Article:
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Automating Configuration Auditing with Starboard Operator By Aqua

Automating Configuration Auditing with Starboard Operator By Aqua

Back in November 2020, we introduced the Starboard Operator, which automates vulnerability scanning in a Kubernetes environment. We’re now pleased to announce the latest release (release v0.9) which adds configuration auditing using Polaris. This means that the Operator can automatically check for weaknesses in the way your Kubernetes workloads are configured, as well as scan them for vulnerabilities.

Following Configuration Best Practices

Running configuration audits with Polaris or a similar tool allows you to understand which workloads inside a cluster do not conform to best practices. These audits include security checks, such as identifying containers configured to run as root, which can make your cluster more vulnerable to privilege escalation. Efficiency checks ensure that CPU and memory requests and limits are set so that Kubernetes can schedule workloads effectively and protect your environment from DDoS attacks. Finally, reliability checks help to make sure that workloads are always available, healthy, and running desired container images.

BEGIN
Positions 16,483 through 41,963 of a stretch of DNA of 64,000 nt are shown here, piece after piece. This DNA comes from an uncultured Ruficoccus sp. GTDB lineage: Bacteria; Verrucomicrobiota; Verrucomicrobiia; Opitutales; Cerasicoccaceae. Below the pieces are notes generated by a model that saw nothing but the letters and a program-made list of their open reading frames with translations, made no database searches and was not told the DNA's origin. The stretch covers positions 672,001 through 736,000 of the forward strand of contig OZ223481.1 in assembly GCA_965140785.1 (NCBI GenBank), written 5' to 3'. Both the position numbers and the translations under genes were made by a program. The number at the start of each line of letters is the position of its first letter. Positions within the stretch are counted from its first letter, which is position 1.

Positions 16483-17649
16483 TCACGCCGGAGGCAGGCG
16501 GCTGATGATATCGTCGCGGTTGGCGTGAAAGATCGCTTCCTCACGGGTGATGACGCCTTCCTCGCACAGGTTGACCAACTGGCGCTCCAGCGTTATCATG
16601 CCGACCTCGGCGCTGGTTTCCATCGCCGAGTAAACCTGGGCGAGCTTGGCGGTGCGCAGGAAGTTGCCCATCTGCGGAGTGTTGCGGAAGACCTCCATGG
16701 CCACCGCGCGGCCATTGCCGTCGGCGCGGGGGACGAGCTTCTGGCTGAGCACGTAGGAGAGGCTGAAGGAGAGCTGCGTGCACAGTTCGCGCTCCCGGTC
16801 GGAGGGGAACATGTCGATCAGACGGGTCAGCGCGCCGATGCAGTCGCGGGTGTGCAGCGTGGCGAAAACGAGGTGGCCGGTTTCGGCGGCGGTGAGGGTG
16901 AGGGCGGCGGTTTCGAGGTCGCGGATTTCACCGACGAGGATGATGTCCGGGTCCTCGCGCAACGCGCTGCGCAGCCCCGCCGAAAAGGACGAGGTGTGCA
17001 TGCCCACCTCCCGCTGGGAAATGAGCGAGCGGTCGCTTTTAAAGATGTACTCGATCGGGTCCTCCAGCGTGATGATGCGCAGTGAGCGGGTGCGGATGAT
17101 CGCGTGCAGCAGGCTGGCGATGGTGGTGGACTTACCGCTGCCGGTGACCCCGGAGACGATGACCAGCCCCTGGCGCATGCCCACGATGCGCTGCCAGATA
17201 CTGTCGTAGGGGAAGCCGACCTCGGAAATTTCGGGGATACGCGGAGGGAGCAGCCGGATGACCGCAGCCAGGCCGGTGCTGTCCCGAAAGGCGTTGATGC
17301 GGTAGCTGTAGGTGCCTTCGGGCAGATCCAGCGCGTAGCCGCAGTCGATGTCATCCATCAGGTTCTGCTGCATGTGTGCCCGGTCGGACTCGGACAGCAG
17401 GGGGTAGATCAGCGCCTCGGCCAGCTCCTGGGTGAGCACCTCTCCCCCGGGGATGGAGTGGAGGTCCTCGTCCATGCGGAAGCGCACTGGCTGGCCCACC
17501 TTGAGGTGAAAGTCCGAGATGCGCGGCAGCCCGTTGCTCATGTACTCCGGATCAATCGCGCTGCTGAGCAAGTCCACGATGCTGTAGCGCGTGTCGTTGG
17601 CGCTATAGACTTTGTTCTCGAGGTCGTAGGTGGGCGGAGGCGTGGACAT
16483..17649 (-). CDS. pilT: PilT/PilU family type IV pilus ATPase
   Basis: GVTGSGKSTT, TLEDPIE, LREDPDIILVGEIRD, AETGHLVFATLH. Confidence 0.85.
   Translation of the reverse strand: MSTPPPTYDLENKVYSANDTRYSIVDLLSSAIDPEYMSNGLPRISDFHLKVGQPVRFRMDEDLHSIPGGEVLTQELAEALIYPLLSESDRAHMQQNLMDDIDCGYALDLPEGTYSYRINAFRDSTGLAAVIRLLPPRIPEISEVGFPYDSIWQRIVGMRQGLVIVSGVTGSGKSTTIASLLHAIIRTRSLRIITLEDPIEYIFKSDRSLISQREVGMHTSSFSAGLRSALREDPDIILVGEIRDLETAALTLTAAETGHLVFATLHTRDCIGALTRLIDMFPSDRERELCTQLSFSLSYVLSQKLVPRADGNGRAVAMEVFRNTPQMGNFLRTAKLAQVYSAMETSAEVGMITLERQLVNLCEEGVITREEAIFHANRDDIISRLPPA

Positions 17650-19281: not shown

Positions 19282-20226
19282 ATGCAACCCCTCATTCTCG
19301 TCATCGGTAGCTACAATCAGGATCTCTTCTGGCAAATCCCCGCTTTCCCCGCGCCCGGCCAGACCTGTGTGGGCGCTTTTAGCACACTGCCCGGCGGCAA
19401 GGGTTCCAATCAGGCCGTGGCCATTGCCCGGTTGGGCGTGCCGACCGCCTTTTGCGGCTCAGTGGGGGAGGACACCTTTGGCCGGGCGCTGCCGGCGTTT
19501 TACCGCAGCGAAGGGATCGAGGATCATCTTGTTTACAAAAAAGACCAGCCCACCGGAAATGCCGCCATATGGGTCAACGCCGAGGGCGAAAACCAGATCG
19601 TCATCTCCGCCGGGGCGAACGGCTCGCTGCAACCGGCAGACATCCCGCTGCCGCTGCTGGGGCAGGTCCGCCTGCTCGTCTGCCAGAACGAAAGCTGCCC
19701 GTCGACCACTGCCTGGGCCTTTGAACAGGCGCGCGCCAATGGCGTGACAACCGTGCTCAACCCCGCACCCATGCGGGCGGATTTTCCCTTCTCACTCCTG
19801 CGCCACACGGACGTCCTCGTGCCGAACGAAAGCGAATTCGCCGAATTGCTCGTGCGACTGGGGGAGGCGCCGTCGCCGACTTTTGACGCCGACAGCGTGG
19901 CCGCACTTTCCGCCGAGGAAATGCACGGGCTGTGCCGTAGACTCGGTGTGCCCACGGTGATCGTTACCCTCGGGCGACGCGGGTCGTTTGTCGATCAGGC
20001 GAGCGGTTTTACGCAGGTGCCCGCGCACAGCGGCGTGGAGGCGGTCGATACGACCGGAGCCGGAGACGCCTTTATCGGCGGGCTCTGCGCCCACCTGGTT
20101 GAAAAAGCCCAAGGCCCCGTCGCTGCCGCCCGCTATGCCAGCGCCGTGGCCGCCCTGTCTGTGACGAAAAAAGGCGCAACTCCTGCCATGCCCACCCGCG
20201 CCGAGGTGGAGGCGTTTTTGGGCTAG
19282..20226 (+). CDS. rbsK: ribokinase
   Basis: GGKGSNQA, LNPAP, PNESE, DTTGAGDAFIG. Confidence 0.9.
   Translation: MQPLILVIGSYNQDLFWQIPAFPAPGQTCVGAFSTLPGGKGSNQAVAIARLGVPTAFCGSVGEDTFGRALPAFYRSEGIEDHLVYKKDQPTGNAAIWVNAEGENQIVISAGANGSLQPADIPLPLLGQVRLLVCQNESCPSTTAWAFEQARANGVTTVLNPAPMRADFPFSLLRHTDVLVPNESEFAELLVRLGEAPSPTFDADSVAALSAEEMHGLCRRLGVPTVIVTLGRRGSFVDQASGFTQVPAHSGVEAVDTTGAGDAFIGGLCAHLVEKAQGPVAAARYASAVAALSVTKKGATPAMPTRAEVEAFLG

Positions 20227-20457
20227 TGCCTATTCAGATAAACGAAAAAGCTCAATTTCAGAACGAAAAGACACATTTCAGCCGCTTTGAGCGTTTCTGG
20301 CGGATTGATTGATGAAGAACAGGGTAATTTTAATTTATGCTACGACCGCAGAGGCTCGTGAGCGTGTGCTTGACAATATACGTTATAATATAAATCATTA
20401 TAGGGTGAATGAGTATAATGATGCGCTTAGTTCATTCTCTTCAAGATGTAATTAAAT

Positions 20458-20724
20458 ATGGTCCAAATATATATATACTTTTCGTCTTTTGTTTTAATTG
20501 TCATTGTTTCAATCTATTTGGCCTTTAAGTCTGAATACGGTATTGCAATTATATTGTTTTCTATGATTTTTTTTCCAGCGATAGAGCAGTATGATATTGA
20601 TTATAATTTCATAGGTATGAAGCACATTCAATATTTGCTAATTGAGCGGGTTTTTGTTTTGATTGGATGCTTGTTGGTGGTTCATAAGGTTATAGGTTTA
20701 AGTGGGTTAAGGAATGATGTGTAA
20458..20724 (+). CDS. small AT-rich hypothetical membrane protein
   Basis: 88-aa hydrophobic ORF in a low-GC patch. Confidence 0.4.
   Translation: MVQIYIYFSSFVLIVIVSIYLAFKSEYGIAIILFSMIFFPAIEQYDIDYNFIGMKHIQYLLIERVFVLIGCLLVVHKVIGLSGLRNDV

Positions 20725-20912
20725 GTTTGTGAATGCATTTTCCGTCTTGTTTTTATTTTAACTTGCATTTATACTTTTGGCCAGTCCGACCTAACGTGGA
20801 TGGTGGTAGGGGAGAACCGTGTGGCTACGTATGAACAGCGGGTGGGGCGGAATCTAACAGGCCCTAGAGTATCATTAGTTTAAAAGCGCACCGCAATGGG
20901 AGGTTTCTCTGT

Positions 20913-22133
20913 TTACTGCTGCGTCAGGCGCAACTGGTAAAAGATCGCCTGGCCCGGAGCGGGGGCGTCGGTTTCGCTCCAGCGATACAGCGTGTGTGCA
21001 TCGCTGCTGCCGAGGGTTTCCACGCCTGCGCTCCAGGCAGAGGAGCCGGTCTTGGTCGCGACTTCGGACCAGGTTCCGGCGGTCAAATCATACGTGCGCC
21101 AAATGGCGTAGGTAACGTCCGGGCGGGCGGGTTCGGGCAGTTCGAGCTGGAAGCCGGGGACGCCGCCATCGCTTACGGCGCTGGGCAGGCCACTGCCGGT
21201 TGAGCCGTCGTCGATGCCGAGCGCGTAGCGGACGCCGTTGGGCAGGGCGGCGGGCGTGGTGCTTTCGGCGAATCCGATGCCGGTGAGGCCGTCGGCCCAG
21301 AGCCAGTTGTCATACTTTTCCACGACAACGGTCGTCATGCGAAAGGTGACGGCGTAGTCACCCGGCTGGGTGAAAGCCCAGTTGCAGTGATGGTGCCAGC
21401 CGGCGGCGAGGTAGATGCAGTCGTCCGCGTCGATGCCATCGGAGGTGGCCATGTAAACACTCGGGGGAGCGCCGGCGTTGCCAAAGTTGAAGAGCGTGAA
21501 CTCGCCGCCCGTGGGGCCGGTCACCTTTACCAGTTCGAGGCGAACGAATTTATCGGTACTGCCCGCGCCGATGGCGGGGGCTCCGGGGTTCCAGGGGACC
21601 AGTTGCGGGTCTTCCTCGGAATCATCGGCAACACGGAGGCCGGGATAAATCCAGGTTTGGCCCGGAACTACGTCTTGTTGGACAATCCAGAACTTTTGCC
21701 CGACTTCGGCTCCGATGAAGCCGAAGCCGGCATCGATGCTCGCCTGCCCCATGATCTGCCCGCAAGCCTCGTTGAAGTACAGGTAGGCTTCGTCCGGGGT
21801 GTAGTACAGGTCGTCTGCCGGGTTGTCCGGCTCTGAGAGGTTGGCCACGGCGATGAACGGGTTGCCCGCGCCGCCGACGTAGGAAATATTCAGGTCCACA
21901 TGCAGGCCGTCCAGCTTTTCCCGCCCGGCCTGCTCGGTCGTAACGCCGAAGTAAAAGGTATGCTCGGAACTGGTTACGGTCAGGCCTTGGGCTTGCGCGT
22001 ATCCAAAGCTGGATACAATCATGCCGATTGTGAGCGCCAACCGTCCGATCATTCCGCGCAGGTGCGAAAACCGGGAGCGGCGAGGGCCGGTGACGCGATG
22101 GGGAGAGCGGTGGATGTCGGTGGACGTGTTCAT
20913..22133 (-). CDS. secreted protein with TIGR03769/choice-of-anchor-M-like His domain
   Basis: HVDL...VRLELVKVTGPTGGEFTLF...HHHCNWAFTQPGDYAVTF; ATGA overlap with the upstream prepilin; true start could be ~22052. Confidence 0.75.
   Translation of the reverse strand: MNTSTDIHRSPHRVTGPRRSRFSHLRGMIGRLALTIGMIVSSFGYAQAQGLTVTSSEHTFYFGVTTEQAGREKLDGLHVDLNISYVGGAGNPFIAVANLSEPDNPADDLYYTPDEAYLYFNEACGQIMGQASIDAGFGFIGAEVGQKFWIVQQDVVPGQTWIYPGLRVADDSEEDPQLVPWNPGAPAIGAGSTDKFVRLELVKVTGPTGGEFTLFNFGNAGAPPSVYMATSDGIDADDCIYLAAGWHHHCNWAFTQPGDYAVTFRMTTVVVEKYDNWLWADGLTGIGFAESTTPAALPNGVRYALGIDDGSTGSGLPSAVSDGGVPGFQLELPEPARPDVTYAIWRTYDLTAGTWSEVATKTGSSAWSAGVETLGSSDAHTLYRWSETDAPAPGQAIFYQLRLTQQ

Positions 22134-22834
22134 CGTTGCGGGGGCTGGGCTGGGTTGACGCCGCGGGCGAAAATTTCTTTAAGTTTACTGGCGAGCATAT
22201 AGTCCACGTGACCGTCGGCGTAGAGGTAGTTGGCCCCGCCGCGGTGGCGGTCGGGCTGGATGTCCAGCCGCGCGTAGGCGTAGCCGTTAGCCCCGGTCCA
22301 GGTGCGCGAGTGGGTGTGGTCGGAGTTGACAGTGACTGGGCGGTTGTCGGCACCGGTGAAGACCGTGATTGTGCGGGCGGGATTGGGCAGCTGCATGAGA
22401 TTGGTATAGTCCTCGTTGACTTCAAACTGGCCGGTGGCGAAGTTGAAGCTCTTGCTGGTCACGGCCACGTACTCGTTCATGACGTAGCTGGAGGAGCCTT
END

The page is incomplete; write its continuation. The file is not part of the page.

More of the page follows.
Below we’ve embedded a video that shows how the Starboard operator automatically schedules both vulnerability and configuration audit scans when a new application Deployment is created or modified. The audit reports are persisted by the Kubernetes API server in the etcd cluster in the form of Kubernetes custom resources. From there the reports can be accessed with the kubectl command, or in Kubernetes IDEs such as Octant or Lens for which we provide extensions (check out our video introducing Lens Extension for Starboard).

Going Forward

Currently, Polaris performs security, efficiency, and reliability checks only on Kubernetes workloads. We’re looking to extend such functionality to other built-in Kubernetes objects such as Services, secrets, ConfigMaps, etc. Also, our plans include integrating kube-bench with the operator to automatically run CIS Kubernetes benchmarks on nodes that are added to a Kubernetes cluster. We’re always looking for feedback from our users – so please give Starboard Operator a try and let us know what you think. The operator can be installed with kubectl, Helm, or OLM as explained in the installation guides.

In a future blog post, we’ll talk about how you can set up Starboard to use Trivy in client/server mode and why that’s a great approach for scanning vulnerabilities at scale.

Daniel Pacak
Daniel Pacak is an Open Source Engineer at Aqua Security. He works on Kubernetes and container security related projects, while also taking part in maintaining the CNCF's project, Harbor.